Kenji Namba v. McCourt
The 1949 Oregon Supreme Court decision Kenji Namba v. McCourt, (185 Ore. 579, 204 P. 2d. 569) struck down the state's alien land law. As the first ruling by a state high court against the network of alien land legislation in Western states, it was an authoritative blow against racial discrimination in land ownership.
The Namba case grew out of Oregon's alien land law, which barred Japanese and other Asian immigrants, under the category of "aliens ineligible to citizenship," from purchasing agricultural property. While they could buy property for underage minor children, who were citizens, any such gift was subject to a legal presumption that it was made in violation of the alien land act. First enacted in February 1923, the law represented one of the series of copycat laws enacted against Japanese Americans on the model of California's 1913 statute, which would itself be upheld by the U.S. Supreme Court in Terrace v. Thompson in late 1923. Oregon's alien land law was seldom enforced during the prewar era.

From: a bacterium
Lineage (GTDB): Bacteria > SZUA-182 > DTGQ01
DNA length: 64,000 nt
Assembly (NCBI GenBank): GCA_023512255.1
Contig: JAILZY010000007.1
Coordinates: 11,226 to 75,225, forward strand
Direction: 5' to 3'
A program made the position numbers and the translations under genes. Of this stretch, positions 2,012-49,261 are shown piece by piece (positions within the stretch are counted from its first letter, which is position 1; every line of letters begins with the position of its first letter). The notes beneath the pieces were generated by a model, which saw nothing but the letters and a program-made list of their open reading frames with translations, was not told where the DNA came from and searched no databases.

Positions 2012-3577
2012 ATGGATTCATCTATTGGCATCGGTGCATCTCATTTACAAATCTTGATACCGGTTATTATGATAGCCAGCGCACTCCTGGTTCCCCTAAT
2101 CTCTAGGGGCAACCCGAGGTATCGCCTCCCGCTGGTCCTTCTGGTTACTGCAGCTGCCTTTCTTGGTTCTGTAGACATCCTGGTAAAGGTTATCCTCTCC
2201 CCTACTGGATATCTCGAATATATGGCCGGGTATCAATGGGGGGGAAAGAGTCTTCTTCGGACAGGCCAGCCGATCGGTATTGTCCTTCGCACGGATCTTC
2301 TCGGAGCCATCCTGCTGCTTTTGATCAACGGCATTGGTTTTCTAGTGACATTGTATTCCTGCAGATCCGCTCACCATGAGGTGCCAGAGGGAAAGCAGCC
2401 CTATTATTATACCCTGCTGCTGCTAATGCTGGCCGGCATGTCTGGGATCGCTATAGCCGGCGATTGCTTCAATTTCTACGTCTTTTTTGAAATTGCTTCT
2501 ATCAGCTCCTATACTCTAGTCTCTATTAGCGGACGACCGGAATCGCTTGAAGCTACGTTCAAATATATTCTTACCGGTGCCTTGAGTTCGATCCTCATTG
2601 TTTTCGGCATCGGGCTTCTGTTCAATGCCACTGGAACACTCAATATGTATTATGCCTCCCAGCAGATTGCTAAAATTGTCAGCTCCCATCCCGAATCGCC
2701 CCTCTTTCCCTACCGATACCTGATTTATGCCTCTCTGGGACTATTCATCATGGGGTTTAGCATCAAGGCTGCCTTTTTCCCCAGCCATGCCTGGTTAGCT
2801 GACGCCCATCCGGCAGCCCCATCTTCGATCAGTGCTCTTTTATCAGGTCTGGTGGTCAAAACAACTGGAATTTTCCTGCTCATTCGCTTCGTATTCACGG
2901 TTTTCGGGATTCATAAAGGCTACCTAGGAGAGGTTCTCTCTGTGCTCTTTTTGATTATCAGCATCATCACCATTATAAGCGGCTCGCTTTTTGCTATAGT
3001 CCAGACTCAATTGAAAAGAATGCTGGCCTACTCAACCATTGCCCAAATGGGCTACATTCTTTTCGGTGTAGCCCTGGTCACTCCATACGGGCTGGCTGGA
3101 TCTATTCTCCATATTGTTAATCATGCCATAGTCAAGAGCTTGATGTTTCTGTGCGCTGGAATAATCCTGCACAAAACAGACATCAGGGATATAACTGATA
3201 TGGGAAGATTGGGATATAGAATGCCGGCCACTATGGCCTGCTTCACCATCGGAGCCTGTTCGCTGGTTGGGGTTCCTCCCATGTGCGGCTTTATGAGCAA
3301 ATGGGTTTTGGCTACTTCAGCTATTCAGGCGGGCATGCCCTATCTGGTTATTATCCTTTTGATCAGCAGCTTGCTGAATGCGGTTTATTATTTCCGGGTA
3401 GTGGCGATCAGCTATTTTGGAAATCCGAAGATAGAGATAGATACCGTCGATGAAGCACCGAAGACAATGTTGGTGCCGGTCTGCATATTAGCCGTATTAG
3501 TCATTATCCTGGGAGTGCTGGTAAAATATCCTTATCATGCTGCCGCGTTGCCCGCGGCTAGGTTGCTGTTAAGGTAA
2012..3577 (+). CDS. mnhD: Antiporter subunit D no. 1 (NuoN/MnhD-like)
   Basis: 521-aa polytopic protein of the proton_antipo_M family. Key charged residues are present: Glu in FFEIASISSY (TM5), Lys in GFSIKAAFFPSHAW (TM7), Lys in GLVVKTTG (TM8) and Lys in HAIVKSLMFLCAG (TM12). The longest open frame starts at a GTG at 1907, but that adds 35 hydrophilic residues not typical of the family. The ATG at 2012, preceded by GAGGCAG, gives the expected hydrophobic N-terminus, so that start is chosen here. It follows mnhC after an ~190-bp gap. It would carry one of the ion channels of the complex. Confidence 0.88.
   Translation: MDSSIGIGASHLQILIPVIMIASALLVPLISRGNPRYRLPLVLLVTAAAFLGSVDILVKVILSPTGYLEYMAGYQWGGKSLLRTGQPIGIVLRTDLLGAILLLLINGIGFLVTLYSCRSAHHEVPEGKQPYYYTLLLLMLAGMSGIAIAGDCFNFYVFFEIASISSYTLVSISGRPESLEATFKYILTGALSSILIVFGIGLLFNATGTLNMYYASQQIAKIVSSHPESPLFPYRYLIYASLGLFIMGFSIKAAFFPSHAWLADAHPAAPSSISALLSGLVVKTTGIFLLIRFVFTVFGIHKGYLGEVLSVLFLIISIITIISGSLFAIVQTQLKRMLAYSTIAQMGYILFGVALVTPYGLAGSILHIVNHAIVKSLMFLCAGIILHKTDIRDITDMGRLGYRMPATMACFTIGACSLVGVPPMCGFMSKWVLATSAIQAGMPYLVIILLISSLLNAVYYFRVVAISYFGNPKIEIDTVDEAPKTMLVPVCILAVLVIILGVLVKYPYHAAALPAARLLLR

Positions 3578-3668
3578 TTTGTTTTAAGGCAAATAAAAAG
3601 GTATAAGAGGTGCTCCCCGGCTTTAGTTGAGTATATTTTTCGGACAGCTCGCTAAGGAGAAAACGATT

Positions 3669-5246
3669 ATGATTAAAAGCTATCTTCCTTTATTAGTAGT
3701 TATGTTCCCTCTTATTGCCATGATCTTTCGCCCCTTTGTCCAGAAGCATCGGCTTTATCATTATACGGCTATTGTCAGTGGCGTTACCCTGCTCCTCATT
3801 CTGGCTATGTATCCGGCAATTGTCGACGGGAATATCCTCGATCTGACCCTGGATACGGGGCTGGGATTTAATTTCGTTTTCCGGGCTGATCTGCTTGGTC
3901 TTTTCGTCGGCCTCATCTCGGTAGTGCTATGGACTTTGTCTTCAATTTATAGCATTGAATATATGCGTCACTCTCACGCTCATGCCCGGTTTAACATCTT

In the closing months of World War II, as Japanese Americans confined in War Relocation Authority camps began migrating back to the West Coast, various state legislatures enacted legal barriers to discourage them from residing there. In California, the state legislature enacted a statute barring Japanese aliens from receiving fishing licenses, and funded escheat suits to enforce that state's alien land act. In Oregon, the state legislature enacted a new and strengthened alien land law in 1945. Not only did it bar "aliens ineligible to citizenship" from purchasing land, but also made it a crime for them to enter into any contract made in the name of a wife or child. Property purchased in violation of the act would escheat to the state, while lease contracts would be voided.
In 1947, Japanese Americans and their allies in Oregon formed the Oregon Alien Land Law Test Case Committee, and the Portland, Snake River, and Mid-Columbia branches of the Japanese American Citizens League helped raise money for a legal challenge. Kennie Kenji Namba, a 22-year-old veteran of the 442nd Regimental Combat Team, and his father Etsuo Namba, a Japanese immigrant, agreed to serve as litigants. In the years before the war, Etsuo and his five children had operated a farm in Fairview, a town around fifteen miles east of Portland. In 1942, the Nambas were confined at the Portland Assembly Center and then at the Minidoka camp. In 1943, Kenji Namba volunteered from camp for the 442nd. Wounded by a German hand grenade while in combat in Italy, he spent 40 days in the hospital, and received the Purple Heart and Bronze Star for his actions.